sion that they are combating, not an 3. Various organized sect, but a morbid tendency Groups. and an exaggeration of mystical piety. The confusion frequently found in writers of that period between the adherents of this pantheistic mysticism and the Fraticelli and Apos tolic Brethren springs partly from ignorance of the points in which they differed widely, and partly from the use of the expression "sects spiritus libertatis" as a common designation for quite dis tinct heresies. This has led some modern writers into the supposition that the teachings of the Ger man heretical mystics had been spread in the four teenth century among the Italian Fraticelli and Apostolicals, as well as through the so-called "Turlupins" (q.v.), in France. It is clear that the at tempt to trace the development and organization of a single definite pantheistic sect in the Middle Ages must be unsuccessful. The records of the tribunals, however, make us acquainted with vari ous groups of this kind and with a whole series of individual representatives of heretical mysticism. The condemnation of Margareta Porete, a Beguine of Hainault, who was executed in Paris in 1318, precedes the Council of Vienne. In her writings the soul, "annihilated" in God, is released from the obligation to practise virtue, which, however, comes naturally to the soul united with God. Probably similar to hers was the teaching of the mystical work of Marie de Valenciennes, contro verted by Gerson, which, appealing to an alleged Biblical counsel "Ama et fac quod vis," denied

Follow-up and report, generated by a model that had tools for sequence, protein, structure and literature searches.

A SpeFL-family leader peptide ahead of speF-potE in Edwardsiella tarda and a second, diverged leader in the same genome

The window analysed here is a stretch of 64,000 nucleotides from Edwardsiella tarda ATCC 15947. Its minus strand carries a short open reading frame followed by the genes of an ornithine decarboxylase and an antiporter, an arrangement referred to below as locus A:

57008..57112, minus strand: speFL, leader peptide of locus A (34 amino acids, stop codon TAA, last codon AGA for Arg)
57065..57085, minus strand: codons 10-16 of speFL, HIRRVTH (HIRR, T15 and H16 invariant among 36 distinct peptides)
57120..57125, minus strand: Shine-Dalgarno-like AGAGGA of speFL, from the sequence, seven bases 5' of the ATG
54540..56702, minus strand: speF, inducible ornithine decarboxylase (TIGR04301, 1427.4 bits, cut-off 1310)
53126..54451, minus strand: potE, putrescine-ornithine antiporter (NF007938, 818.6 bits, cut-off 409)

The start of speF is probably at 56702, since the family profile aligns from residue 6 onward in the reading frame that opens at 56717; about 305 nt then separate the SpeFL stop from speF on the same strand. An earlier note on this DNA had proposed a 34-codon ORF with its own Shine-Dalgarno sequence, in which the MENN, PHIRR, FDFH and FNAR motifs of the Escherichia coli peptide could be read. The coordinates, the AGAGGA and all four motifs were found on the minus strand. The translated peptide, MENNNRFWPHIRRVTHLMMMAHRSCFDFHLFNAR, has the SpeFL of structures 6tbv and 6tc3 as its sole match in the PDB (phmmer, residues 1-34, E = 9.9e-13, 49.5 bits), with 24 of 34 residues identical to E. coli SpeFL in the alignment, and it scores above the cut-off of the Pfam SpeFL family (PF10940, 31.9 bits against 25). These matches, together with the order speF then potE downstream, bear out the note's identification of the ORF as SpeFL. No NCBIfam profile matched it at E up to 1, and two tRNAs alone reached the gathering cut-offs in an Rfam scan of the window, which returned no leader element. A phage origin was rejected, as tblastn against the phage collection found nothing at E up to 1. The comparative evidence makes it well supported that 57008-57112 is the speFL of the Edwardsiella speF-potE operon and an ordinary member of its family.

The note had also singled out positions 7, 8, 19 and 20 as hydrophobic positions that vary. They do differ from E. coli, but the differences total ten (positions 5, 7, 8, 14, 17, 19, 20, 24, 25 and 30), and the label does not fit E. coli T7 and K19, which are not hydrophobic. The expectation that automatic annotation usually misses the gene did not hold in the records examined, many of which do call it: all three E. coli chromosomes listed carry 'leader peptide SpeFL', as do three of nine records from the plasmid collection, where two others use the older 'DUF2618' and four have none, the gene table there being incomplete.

the binding force of the moral law for those who were filled with the mystical love of God. With the Flemish poetess and visionary Hadewich Blommaerdine (q.v.), the pantheistic element is not prominent. About the same time in Cologne, a Netherlander, Walther, burned c. 1322, was the center of a wide-spread pantheistic movement, in the contemporary descriptions of which we meet for the first time with the nocturnal Adamite orgies (see Adamites). In southern Germany Berthold of Rorbach (q.v.), burned 1356 at Speyer, and Hermann Kachener of Nuremberg, who recanted at W├╝rzburg in 1342, were the apostles of a similar movement. Another interesting group is that of the "Friends of God" (q.v.), whose leader, Nicholas of Basel was burned at Vienna in 1396. Pantheistic-antinomian elements are mingled with apocalyptic views of the Joachim type in the "Homines intelligentim" (q.v.). The sources for the history of these heresies in the fifteenth century are so confused that little can be made of them. That pantheistic ideas still had power in the Reformation period is shown by the rise of the Loist sect at Antwerp (1525-1545), and the Libertine or Spiritual party (see Libertines,3) which after 1529 spread from the Netherlands through France, western Germany, and Switzerland, as well as by certain developments of the Anabaptist movement.

(Herman Haupt.)

Bibliography: Sources are: P. Fredericq, Corpus documentorum inquisitionis Neerlandicle, vols. i.-ii., Ghent, 1889-96; Ulanoweki, in Scriptures rerum Polonicarum, xiii. 233-250, Cracow, 1889. Consult: H. C. Lea, Hist. of Inquisition, vol. ii., passim, New York, 1888; C. U. Hahn, Geschichte der Ketzer, ii. 470, Stuttgart, 1847; J. C. L. Gieseler, Kirchengeschichte, II. ii. 642 sqq., Bonn, 1849, Eng. transl., ed. H. B. Smith, ii. 590 sqq., New York, 1871; W. Moll, Kerkgeschiedenis van Nederland, II., iii. 59 sqq., Utrecht, 1869; W. Preger, Geschichte der deutschen Mystik, vols. i.-iii., Leipsic, 1874-93; H. Haupt, ZKG, v. 478, vii. 503, xii. 35; H. Reuter, Geschichte der religidsen AufklBrung, ii. 240 sqq., Berlin, 1877; W. Wattenbaeh, in Sibunpsberichte der Berliner Akademie, 1887, pp. 517 sqq.; J. J. I. von D├Âllinger, Sektengeschichte, ii. 378 sqq., 702 sqq., Munich, 1890; Neander, Christian Church, iv. 633, v. 393, 401, 408.